This is how the Rose Bracelet looked (2017 screenshot).




Family ties

Seekers Notes has a deep and detailed world where the relationships between characters are fully fleshed-out. It's important to remember the details when you're working with Asian languages that have very specific family terminology. For example, unlike in European languages, the correct Chinese translation may depend on who is older or younger, and whether a relative is on the mother's or father's side. 

The translator asked for more information, so we decided that Nicholas's cousin, who was mentioned in one of the events, would be older than him (表哥). This word is made up of two characters: 表 (biÇŽo) — 'cousin', and å“¥ (gÄ“) — 'older brother'.

Chinese also has two different words for cousin: å ‚ (táng) and 表 (biÇŽo). The first one is used if the cousins have the same last name, and the second one is for cousins with different last names. The second word would be used for children of your father's sisters, or your mother's sibling's children.

Taking into account age and gender, there are a total of 8 words in Chinese that mean 'cousin':

  • father's brother's son (older than you) — å ‚å…„ (táng xiōng)

  • father's brother's son (younger than you) — 堂弟 (táng dì)

  • father's brother's daughter (older than you) — å ‚å§Â (táng jiÄ›)

  • father's brother's daughter (younger than you) — 堂妹 (táng mèi)

  • father's sister's or mother's sister's/brother's son (older than you) — 表哥 (biÇŽo gÄ“)

  • father's sister's or mother's sister's/brother's son (younger than you) — 表弟 (biÇŽo dì)

  • father's sister's or mother's sister's/brother's daughter (older than you) — 表å§Â (biÇŽo jiÄ›)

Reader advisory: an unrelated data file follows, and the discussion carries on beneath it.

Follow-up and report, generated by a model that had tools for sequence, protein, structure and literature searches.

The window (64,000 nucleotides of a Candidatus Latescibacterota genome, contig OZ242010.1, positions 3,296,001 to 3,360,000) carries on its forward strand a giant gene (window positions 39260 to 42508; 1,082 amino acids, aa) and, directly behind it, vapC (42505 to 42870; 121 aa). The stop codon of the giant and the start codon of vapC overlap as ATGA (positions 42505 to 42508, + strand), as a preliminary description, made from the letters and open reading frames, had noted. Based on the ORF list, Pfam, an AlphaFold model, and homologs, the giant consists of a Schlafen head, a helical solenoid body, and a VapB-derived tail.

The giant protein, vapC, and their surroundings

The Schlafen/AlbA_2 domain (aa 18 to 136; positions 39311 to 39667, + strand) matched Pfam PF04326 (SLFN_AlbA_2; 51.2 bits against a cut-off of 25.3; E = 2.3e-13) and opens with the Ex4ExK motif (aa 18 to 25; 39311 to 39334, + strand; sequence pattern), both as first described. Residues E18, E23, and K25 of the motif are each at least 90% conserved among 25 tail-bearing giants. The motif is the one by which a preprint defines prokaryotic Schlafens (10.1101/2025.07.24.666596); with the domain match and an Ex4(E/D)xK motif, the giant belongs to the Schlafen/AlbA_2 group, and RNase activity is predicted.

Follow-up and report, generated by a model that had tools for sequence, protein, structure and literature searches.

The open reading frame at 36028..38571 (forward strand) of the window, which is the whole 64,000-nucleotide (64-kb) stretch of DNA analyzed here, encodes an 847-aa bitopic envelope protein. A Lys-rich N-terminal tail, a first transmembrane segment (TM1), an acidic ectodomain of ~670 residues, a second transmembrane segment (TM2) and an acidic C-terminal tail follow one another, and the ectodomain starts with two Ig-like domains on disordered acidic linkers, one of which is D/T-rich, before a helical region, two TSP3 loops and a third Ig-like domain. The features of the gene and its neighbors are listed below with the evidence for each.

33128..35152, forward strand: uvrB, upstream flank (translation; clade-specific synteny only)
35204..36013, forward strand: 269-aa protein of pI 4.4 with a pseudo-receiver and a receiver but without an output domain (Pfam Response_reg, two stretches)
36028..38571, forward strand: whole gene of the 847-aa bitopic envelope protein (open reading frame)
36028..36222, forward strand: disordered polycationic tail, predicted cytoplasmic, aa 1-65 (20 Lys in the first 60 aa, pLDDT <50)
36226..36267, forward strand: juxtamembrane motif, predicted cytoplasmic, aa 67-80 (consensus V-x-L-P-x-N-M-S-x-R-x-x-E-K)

• father's sister's or mother's sister's/brother's daughter (younger than you) — 表妹 (biÇŽo mèi)

We choose 表哥 (biÇŽo gÄ“) in this case, meaning that the owner of the Clock House is older than Nicholas and has a different last name. 

Game screenshots, 2017.

Parasol ≠ Umbrella

There were two umbrellas in the game: one for the rain, and one for the sun. We needed to make them different so players could understand which one was being referred to. The changes in each language were different: in Russian we used the words for 'umbrella' and 'sun umbrella', in English it became Parasol/Umbrella, and in German it became Sonnenschirm/Schirm.

But a Japanese person would never get these items mixed up.








Gender-neutral Seeker

The player's character in Seekers Notes is called the Seeker, and this term has to be gender-neutral, which is impossible in some languages. 

This is how we do it in Spanish.

Seekers Notes Christmas special

Seekers Notes events have many different plots. These include merry adventures, family stories, magic that finds its way into the townspeoples' lives, and mystical stories about spirits. These stories are fully self-contained, which helps players take a break from the overall storyline and the mysteries and puzzles that require quite a lot of time to solve.

The Christmas event location in December 2019.



Seekers Notes art is updated for every event.

Creative adaptation and believability